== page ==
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Posey County

African American rural settlements documented: 2

Posey County was established in 1814. The black population increased from the time of its first federal decennial census taken in 1820 through the turn of the century. 

U.S. Census Numbers for Posey County, 1820-1900

Census Year
1820 1830 1840 1850 1860 1870 1880 1890 1900
No. of African Americans
6 26 41 98 136 564 955 1193 1226

 

Like most of the Indiana counties bordered by the Ohio River, Posey County saw an influx of African Americans after the Civil War.  The two known black rural settlements in the county were located in Black and Point townships. 

The  settlement in Point Township was situated around Half Moon Pond.  The community had a school, church, and a cemetery.  The school was located on what is now public land.  Some of the family names associated with the settlement are Carter, Odem, and Spottsville.

The Brewery Hill settlement was located in the hills of Black Township. On a plat map, west of Grafton, one can find G.H Wilson owning 87 acres and Benjamin Wilson owning 85 acres. The county records state that it was started by Benjamin Wilson.  Benjamin is credited with providing the school house and building a grocery store.  Later, his granddaughter Augusta Toren taught at the school.  Other teachers included Lana Wilson, Prohene Harrison, May Napoleon and Mignon Waller.  In the 1870 census, many of the black heads of household in Black Township were farmers.  Several of them have their property valued at or above $1,000.  For example, farmers Davison Parter and Peter McCalister, have real estate worth $1600 and $4500, respectively.  An attempt to get to the location of the former settlement without a four-wheeler proved futile.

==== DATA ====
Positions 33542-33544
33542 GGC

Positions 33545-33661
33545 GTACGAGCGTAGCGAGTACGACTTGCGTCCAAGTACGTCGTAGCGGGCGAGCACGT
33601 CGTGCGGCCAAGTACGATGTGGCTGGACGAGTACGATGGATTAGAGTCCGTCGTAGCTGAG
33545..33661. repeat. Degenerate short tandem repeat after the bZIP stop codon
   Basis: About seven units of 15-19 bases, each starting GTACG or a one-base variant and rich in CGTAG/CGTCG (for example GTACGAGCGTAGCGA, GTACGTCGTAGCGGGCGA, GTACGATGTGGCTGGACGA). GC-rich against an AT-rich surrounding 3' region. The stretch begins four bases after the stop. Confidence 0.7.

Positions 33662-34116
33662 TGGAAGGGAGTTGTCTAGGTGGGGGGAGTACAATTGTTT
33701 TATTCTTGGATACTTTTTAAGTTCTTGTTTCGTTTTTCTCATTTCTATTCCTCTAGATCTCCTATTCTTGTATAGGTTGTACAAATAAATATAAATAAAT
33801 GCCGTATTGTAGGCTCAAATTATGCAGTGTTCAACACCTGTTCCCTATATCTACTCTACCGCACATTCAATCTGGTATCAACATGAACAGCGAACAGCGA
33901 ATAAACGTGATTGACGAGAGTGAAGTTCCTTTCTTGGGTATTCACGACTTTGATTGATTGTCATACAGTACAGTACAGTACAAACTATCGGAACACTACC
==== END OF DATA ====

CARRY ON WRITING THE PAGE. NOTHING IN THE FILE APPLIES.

Cemetery

Wilson Cemetery 

Bibliography

History of Posey County, Indiana : from the earliest time to the present, with biographical sketches, reminiscences, notes, etc. : together with an extended history of the Northwest, the Indiana territory, and the State of Indiana.  Chicago : Goodspeed Pub. Co., 1886.

U.S. Bureau of the Census. “Aggregate Amount of Each Description of Persons within District of Indiana,” 1: 352. Sixth Census of the United States, 1840. Washington, D.C.: U.S. Census Office, 1841.

U.S. Bureau of the Census. Population of Civil Divisions Less Than Counties; Table III State of Indiana,” 1:124 Seventh Census of the United States, 1850 Washington, D.C.: U.S. Census Office, 1852.

U.S. Bureau of the Census. Population of Civil Divisions Less Than Counties; Table III State of Indiana,” 1:124 Eighth Census of the United States, 1860.  Washington, D.C.: U.S. Census Office, 1862.

U.S. Bureau of the Census. “Population of Civil Divisions Less Than Counties; Table III—State of Indiana,” 1: 124. Ninth Census of the United States, 1870. Washington, D.C.: U.S. Government Printing Office, 1872.

Audrey C. Werle “Research Notes on Indiana African American History,” M 792, William Henry Smith Memorial Library, Indiana Historical Society, Indianapolis, Indiana.

By Lishawna Taylor, July 25, 2014